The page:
The Pussycat Dolls, who were notable for wearing stockings, garters, and little else, in the name of "body confidence," were dubbed the new millennium's version of the Spice Girls. Except the group, which grew out of a Los Angeles burlesque troupe of the same name, made even the Spice Girls look like aging feminist revolutionaries. Robin Antin, the troupe's founder, named the group (if it could even be called that—I defy anyone to name all of them, or even to name any beyond the group leader, Nicole Scherzinger) thusly because she had a vision of, as she told The New York Times in 2006, "making everyone look like a real, living doll."
Ron Fair, the head of Interscope's A&M Records and one of the producers of the Pussycat Dolls' debut album, PCD, told the Times that the group's racy image read more mature to its younger fans. "Once it's branded as a tween thing, it's very hard to flip it up. But what the older sister and older brother like definitely trickles down to the kids. That's what's happening to the Pussycat Dolls." In early 2007, the reality-TV show competition The Search for the Next Pussycat Doll ironically replaced the smarty-pants series Veronica Mars in the CW lineup. "It's about female empowerment, self-discovery and personal transformation," CW Entertainment's head Dawn Ostroff said of The Search. Girls besotted with the idea of becoming the group's seventh member gushed about how the Pussycat Dolls stand for female empowerment, but their hummable hit "Don't Cha" couldn't be further from feminism. The song's lyrics—"Don't cha wish your girlfriend was hot like me/Don't cha wish your girlfriend was a freak like me"—put forward the belief that a woman's worth lies solely in her appearance and sexual permissiveness and just furthers the notion that women are in competition with one another over men. But the Dolls weakly claim otherwise. "The song might say 'Don't cha wish your girlfriend was hot like me?' But the way we play on it is it's empowering for all women out there. We want them to feel like that," Scherzinger told MTV. "And when we perform it, all the girls in the audience are feeling it, and we always dedicate it to them." The idea that they represent power to some women is depressing and indicative that feminism still has a lot of ground to cover. But the responsibility to be, well, better is in the hands of the Dolls and their handlers. It seems unduly harsh to judge their fans.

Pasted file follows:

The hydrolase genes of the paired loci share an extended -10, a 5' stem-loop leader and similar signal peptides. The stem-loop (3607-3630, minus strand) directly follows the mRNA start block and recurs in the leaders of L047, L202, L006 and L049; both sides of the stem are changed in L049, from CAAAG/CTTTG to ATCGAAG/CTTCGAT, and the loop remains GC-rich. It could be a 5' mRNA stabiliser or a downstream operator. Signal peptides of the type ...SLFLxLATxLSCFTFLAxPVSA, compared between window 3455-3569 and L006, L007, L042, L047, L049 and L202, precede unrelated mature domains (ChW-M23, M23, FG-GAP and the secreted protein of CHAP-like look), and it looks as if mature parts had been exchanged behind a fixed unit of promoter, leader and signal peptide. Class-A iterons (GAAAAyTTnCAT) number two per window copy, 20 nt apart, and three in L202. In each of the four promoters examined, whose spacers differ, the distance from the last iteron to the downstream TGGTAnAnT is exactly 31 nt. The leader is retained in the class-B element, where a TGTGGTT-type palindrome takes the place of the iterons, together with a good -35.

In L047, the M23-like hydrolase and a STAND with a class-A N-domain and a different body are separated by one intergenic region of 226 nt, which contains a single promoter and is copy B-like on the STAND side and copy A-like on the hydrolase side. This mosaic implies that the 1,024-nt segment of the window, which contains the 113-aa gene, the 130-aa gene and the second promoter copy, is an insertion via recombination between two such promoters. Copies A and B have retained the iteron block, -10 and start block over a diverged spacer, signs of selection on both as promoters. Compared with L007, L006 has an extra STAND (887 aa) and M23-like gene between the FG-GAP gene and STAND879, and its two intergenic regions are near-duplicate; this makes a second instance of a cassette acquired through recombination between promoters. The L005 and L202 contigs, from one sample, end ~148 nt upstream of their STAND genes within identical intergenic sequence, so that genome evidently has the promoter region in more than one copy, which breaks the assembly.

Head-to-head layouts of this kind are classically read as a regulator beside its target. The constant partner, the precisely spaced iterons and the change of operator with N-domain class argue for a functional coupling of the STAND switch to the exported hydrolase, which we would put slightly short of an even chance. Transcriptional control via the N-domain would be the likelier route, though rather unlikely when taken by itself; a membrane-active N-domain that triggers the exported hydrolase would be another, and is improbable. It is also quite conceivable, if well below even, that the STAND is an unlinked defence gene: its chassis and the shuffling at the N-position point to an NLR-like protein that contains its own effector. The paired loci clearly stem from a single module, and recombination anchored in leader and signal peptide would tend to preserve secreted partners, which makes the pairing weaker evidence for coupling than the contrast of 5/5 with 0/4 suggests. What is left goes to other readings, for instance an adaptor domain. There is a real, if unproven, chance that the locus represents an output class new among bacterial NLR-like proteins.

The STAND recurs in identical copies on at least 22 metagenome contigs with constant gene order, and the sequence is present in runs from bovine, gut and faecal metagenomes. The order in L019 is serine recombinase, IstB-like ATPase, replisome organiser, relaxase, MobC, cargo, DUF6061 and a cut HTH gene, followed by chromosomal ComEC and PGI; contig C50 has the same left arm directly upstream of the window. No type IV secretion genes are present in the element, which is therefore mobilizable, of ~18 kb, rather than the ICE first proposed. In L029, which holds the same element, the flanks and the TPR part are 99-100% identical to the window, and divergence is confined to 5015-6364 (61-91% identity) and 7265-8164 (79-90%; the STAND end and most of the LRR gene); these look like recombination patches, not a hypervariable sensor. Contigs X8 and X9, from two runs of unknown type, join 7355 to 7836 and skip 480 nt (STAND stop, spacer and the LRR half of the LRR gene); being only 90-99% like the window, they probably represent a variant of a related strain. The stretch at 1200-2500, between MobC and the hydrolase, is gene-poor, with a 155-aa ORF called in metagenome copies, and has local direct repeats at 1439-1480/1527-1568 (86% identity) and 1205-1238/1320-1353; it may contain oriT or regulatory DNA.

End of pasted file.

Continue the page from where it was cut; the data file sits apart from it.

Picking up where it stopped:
But then something happened: The pop tarts began to grow up. We had watched the fairytale narrative of these girls' lives unfold, and with the constant monitoring of celebrity culture, we've also been able to see just how hard it is to maintain the happy ending. They got older; life got complicated, and each girl reacted in a wholly different way. Christina Aguilera released the body-positive single "Beautiful" (its chorus: "You are beautiful no matter what they say") and another, "Can't Hold Us Down," that encouraged the "girls around the world who've come across a man who don't respect your worth" to "shout louder." This was the dawn of a new Aguilera: one who began to wear "This is what a feminist looks like" T-shirts in mainstream magazine photo shoots, talked openly about her history of bisexuality and domestic abuse, contributed money to women's shelters, and analyzed her own role as a pawn of men in both her career and her personal life.
While the late-'90s crop of pop stars was busy becoming adults, a new set emerged. The same demographic that, in previous generations, made a hit of Bratz dolls and Britney Spears has turned to Miley Cyrus, whose show, Hannah Montana, is a twist on the fantasy of becoming a star. In this case, Miley Stewart is by day an unpopular high-school girl and by night superstar Hannah Montana (this being TV, all she has to do to mask her appearance is don a blond wig for her pop drag). As the show's theme song goes, she has "the best of both worlds." Cyrus' blend of goofiness and self-confidence has a lot to like: She break-danced on the Teen Choice Awards, hangs out with the Obama girls, and has a song called "Nobody's Perfect." As Mary Elizabeth Williams wrote on Salon, "I like to think we aging riot grrrls see a little of ourselves in the spirited, boundaries—and decibels—shattering Hannah/Miley, and, we hope, in our daughters."
Girls stand to learn more from flawed pop princesses than from wholly depraved or squeaky-clean ones. Cyrus and her cohort's fumbles not only make them more human, but also are universal to the teen experience. By being both good and bad—and wearing multiple labels—they are telling their young fans that they can't be limited to one stereotype. In the end, they get to be themselves.
Adapted from Girl Power: The Nineties Revolution in Music by Marisa Meltzer. Copyright © 2010 by Marisa Meltzer. Published in February 2010 by Faber and Faber, Inc., an affiliate of Farrar, Straus and Giroux. All rights reserved.